You might not realize that it doesn’t take many drinks to qualify as a binge. With binge drinking on the rise, it’s important to learn more about what binge drinking is and how it can impact your health and safety.
According to the National Institute on Alcohol Abuse and Alcoholism (NIAAA), binge drinking is “a pattern of drinking alcohol that brings blood alcohol concentration (BAC) to 0.08%—or 0.08 grams of alcohol per deciliter—or more.” What does this break down to?
- Four or more drinks for women over the course of 2 hours
- Five or more drinks for men over the course of 2 hours
While drinking alcohol in any amount comes with risk, binge drinking increases the risk of a wide range of health-related issues, including:
- Alcohol poisoning
- Unsafe sexual behavior
- Sexually transmitted infections (STIs)
- Unintentional pregnancies
- Falls, burns, and other injuries
- Car crashes
- Physical, sexual, and emotional violence
- Unsafe interaction with medication
Even just one binge can harm the immune system, leading to acute pancreatitis, or inflammation of the pancreas. If binge drinking continues, it will impact the liver and can increase cancer risk, including head and neck, esophageal, liver, breast, and colorectal cancers.
Binge drinking can impact anyone and happen anywhere. However, binges are frequently associated with group activities such as hazing rituals and fraternity and sorority events. Research has also shown that binge drinking is more common among younger adults ages 18-34 and members of the LGBTQ+ community.
When alcohol is consumed on its own or combined with other substances, safety can become an issue because judgment and decision making are impaired. When binge drinking is involved, safety concerns can become even more serious:
- Impaired driving (cars, boats, ATVs, heavy machinery, etc.) can lead to serious injury or death.
- Blacking out is more likely when excessive amounts of alcohol are consumed in a short period of time.
- Drowning occurs more often as those who are intoxicated are more likely to take more risks and not be aware of the dangers around bodies of water.
- Alcohol poisoning or alcohol overdose occurs when someone drinks too much alcohol too quickly, over a short period of time or excessively over a few days, and can lead to death.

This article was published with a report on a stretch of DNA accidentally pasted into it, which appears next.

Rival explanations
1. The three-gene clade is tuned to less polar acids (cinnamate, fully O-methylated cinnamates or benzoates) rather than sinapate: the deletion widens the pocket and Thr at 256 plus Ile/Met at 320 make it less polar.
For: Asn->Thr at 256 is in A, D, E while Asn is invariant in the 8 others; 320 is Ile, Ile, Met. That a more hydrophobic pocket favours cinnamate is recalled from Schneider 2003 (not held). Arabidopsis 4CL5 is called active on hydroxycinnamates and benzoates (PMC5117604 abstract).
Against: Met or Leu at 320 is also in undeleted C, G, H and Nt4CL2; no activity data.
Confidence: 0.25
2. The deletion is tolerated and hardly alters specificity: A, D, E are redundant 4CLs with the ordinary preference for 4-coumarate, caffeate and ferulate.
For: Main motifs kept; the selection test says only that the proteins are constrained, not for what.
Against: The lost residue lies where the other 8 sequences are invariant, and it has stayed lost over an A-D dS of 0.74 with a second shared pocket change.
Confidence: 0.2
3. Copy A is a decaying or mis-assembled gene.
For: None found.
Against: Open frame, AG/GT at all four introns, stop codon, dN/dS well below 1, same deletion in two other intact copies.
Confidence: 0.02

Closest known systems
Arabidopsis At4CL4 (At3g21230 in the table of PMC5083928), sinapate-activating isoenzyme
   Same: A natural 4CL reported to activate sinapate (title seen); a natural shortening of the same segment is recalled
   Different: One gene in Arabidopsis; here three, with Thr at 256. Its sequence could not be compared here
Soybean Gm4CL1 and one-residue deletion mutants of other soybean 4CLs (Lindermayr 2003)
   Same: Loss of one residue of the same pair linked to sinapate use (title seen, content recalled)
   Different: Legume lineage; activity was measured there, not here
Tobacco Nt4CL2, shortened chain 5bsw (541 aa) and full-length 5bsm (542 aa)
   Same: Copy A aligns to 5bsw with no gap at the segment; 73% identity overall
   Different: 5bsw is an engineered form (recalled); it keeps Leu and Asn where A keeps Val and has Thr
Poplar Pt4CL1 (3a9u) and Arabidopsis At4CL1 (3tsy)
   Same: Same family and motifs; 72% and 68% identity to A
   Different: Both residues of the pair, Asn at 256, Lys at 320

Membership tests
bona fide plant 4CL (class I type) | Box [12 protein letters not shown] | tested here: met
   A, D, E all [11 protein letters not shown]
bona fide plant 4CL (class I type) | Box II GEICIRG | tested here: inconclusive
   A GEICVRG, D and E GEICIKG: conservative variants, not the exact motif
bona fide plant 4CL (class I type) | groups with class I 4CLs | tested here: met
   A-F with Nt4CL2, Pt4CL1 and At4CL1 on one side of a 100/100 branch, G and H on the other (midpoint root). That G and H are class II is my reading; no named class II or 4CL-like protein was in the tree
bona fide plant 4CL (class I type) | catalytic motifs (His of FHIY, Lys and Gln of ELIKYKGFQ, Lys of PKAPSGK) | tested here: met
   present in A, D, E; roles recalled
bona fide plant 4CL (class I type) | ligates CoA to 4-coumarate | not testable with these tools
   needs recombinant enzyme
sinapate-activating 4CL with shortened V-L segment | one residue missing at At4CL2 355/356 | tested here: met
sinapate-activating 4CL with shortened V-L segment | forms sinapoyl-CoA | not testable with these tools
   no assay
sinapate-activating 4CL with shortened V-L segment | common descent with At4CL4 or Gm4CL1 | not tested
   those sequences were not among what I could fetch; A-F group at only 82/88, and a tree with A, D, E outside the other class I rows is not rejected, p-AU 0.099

- Sexual assault is more likely to occur, especially on college campuses.
- Alcohol misuse can worsen mental health and is associated with suicidal behaviors.
Alcohol does not cause sexual assault, but it can be a contributing factor. Research has found that alcohol is involved in about half of sexual assaults on college campuses with the perpetrator, the victim, or both, consuming alcohol.
It’s okay to need help to control or stop drinking. There are many resources and supports to help those struggling with alcohol use, from treatment options to recovery groups and meetings, and beyond:
- Department of Mental Health and Addiction Services Access Line 1-800-563-4086 offers 24/7 support for recovery and treatment resources.
- Connecticut Community Addiction Recovery (CCAR) telephone support program
- Substance Abuse and Mental Health Services Administration (SAMHSA) National Helpline: call 1-800-662-HELP (4357)
- Alcoholics Anonymous (AA) meetings. To find one near you: https://www.aa.org/
- If you are a family member or friend of someone with an alcohol use issue, consider attending an Al-Anon or Alateen meeting for support.
- Healthcare providers. Speak to your primary care doctor or other healthcare provider about your drinking. Ask about behavioral treatments, medications, and mutual support groups.
For a list of even more resources, visit our Tips for Cutting Back page here.